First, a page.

In 2015 a new location on the Practice Pitch at Ipswich Town Football Club is to be tried.
Main organiser and license holder of the early festivals was Dennis Keeble (3 years) - who is now sadly deceased. Other principal organisers have included Mark Salter, Pete Ellis, Mel Brooks, Nigel Smith (11 years), Phil Holland (3 years), Ray Gardiner (3 years), Paul Jefferey (4 years) and Gary Hale (2 years) .
Other contributors to these annual events are too numerous to mention but have notably included (in no particular order) Martin McCleary (head cellarman for many years), Peter Gager (cellarman & beer cooling systems), Karl Myhill (cellarman), Harry King (cellarman), Ian Scott + Steve Willett (joint treasurers), John French, Trevor Stutter, Vic Attwood (now deceased), Nick Attwood, Mike Smillie, Paul Game, Chris Berry (treasurer), Georgina Warrington (treasurer & products), Chris Pitts (cellarman), Keith Morrell (treasurer), Mike Johns (treasurer), Stuart Bowell (treasurer & products), Allan Crampton (cider), Judy Brown (cider), David Whiting (products), Nigel Mann (staffing), Frank Walsh (staffing), Graham Ellis (staffing), Tracey Constable (staffing), Alison Peel (staffing), Sophie Watson (including various logo designs), Sid Kerrison, Peter Shelcott, Tony Morris (membership), Mike Herbert (membership), Naomi Drown, Martin Stevens, John & Pat Willis, Ray Slegg, Judith Last, Roger & Janet Batty, Doug Pearce, Tina Hammond, Brian Moss (glasses), Jill and Stuart Prior (glasses), Malcolm Kay (products) and many, many more.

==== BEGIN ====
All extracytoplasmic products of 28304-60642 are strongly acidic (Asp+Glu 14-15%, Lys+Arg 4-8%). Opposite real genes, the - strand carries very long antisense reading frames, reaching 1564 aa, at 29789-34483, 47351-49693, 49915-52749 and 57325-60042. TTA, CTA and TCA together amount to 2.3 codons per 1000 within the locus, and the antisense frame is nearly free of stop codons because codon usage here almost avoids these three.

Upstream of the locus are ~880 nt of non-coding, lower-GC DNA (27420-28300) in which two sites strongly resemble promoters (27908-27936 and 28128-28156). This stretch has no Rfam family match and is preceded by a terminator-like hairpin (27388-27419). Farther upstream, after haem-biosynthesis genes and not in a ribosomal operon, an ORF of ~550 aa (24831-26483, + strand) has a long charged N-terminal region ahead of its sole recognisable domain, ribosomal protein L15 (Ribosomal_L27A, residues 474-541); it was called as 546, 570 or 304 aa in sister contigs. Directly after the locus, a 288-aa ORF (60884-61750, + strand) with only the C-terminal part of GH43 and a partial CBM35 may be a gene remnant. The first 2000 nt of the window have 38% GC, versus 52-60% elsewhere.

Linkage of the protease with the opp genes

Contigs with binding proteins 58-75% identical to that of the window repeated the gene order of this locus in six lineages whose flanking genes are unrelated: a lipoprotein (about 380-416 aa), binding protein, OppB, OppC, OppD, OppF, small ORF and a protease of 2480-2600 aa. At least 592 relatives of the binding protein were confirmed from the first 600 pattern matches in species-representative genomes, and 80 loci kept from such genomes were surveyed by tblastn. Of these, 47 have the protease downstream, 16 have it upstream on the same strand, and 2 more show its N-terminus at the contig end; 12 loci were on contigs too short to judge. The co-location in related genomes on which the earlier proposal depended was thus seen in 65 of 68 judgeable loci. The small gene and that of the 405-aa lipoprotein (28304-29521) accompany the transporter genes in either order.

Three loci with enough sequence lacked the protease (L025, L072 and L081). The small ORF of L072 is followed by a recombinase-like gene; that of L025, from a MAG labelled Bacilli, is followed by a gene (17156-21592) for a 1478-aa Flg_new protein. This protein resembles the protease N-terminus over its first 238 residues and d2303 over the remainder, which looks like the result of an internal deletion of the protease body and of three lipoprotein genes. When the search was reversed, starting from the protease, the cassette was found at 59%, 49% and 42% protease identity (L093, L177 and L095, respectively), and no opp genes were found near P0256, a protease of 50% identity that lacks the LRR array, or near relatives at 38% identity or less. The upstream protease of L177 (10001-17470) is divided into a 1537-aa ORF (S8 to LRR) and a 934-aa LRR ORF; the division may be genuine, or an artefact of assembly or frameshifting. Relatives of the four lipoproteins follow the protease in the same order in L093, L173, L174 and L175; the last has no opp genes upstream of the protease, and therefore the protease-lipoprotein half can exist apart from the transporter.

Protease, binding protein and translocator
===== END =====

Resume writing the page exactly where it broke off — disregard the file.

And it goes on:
Meanwhile elsewhere in Suffolk, similar events were also held in Bury St Edmunds - but were of mixed success until they moved to the Corn Exchange in 1992 where they have certainly thrived for many years until that event moved to the Apex in 2011. Organised originally by Chris Curtis (for eleven years) and now known as the East Anglian Beer Festival (offering a wide range oflocal beers) it continues to be a very popular annual event.
Held in Sudbury for five years (1993 to 1997) a Jazz & Beer Festival was a popular event in a marquee located close to the Quay Theatre. Several local Camra members including Tony Morris, Nigel Smith, Stuart Bowell, Brian Nicholas and John Gagen helped to ensure all of these events were highly enjoyable beer festivals, organised in conjunction with a local jazz club and the Quay Theatre.